‘Til Death (or Disbarment) Do Us Part

My brother got married !!

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Today’s Winnipeg Free Press reports on a decision of the Manitoba Law Society appeal panel denying retired lawyer Al Mackling’s attempt to act as pro bono counsel in a custody case.

Mackling,  formerly Manitoba’s former justice minister, founder of the province’s first legal aid program and former federal candidate has not practiced for 25 years.  He was denied his application unless he passes a competency exam and is supervised by an attorney for a year.

“Has the Manitoba Law Society the right to deny a retired lawyer, who has never been the subject of disciplinary proceedings, the right to volunteer his legal knowledge and experience without compensation on behalf of a litigant who had previously appeared unsuccessfully in court without counsel?” Mackling asked an appeal panel.

The answer, given in short order after Monday’s hearing, was yes. The appeal panel ruled the law society has a legislative obligation to the public to ensure anyone claiming to be a lawyer meets strict standards of competency and conduct, even if that lawyer only wants to work on one case for free.

Mackling, now 83, said he will likely appeal to the courts for a judicial review of Monday’s decision.”

The news report concludes:

“Mackling cannot resign from the law society and help the woman as a private citizen. Once a lawyer becomes a member, the only way out is to die or get disbarred.”[emphasis added]

That’s not entirely accurate. While it appears the case that Macklin is wedded to the Law Society of Manitoba until ‘death doth them part’, the issue is whether Macklin, as a retired lawyer, is still allowed to represent someone in court proceedings as a non-practicing or inactive lawyer.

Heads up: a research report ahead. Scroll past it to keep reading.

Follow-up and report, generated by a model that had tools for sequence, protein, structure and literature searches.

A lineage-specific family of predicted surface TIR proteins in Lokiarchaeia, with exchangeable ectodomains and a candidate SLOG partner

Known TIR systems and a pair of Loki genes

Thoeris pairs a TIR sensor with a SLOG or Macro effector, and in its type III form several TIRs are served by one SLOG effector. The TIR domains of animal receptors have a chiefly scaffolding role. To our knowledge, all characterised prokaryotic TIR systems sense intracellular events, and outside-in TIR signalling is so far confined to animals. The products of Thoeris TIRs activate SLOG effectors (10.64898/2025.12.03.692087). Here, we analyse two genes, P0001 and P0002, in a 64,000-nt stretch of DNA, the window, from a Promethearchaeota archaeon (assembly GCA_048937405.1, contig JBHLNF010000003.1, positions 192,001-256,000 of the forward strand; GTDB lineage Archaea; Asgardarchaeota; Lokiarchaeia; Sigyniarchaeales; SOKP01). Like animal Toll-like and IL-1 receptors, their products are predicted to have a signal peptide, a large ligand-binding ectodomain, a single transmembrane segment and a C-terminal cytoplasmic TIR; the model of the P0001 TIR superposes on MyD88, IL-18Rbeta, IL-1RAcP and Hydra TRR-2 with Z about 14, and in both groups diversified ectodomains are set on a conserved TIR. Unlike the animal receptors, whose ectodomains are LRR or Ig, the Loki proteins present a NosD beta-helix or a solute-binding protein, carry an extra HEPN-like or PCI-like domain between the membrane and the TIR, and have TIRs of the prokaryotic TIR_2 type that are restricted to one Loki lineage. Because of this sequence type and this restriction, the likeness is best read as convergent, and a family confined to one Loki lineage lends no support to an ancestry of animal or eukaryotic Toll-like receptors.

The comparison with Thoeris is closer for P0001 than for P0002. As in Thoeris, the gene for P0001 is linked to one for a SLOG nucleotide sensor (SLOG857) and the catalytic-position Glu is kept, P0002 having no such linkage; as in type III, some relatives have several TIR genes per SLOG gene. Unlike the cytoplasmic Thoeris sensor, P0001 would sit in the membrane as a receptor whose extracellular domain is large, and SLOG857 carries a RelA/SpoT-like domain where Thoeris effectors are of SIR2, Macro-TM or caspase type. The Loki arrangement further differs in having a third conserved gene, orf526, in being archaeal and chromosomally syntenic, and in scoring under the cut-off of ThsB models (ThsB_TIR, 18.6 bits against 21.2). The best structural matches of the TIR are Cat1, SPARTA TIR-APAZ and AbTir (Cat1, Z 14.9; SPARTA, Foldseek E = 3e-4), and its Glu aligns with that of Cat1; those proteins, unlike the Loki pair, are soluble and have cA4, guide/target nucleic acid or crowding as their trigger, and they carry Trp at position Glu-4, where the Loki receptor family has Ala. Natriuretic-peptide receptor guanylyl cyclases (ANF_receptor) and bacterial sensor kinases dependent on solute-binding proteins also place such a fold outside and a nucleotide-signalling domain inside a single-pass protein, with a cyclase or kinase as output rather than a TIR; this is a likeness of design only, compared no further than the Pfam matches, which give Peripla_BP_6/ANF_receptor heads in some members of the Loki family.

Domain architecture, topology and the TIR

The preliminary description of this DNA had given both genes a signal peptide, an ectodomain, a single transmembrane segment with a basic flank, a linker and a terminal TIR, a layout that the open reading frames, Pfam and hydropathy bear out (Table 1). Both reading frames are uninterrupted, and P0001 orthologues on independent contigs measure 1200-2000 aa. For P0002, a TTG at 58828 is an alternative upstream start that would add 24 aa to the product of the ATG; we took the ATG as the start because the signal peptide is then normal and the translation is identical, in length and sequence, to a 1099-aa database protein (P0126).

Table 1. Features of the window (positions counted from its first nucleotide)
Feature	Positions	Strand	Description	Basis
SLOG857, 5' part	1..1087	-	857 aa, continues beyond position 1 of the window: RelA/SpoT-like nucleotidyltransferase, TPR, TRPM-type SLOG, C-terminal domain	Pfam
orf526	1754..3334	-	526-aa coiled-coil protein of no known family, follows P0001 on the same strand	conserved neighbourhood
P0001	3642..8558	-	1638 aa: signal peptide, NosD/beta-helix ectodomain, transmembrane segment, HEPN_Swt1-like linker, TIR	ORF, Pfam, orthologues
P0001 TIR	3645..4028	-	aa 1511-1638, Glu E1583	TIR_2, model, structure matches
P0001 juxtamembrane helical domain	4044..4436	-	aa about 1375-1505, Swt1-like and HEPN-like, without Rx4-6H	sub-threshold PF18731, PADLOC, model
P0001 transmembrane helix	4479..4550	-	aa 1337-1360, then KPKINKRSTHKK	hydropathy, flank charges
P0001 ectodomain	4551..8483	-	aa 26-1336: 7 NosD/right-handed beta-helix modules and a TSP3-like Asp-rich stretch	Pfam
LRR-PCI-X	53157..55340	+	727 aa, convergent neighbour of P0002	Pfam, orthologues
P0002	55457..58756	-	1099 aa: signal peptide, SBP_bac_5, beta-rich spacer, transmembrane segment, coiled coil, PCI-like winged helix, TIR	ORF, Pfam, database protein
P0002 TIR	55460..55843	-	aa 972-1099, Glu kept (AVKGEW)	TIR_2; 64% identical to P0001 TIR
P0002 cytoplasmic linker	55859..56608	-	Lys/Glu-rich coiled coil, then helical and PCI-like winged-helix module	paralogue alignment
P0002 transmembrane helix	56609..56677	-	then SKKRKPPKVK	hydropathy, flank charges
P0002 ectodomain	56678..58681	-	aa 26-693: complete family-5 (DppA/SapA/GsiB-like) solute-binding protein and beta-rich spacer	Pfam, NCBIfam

According to the Rules of the Law Society of Manitoba, Part II, Div. 8, Rules 2-71 and 2-74, Macklin may withdraw from practice, but will only be allowed non-practicing or inactive member status:

Categories of membership
2-71(1) The following are the categories of membership in the society:
(a) practising lawyers, as defined in section 1 of the Act;
(b) non-practising members;
(c) inactive members; and
(d) suspended members;
(e) Canadian legal advisors.

Withdrawal from practice

2-74(1) Subject to subsection (4), a member who intends to withdraw from the practice of law in Manitoba and become a non-practising or inactive member must, before withdrawing, advise the chief executive officer in writing and obtain his or her approval of the member’s intended disposition of all:

(a) open and closed files,

(b) wills,

(c) titles and other important documents and records,

(d) other valuables, and

(e) trust accounts and trust money,

which relate to the member’s practice and are within the member’s possession or power.

Compare Ontario’s Law Society Act and By-law 4: Part II Licensing, which allows a licensee (lawyer or paralegal) to surrender his or her license:

Surrender of licence

30.  (1)  A licensee may apply to the Society in accordance with the by-laws to surrender his or her licence. 2006, c. 21, Sched. C, s. 26.

Acceptance of surrender

(2)  A licence is surrendered when the application to surrender the licence is accepted by the Society in accordance with the by-laws. 2006, c. 21, Sched. C, s. 26.

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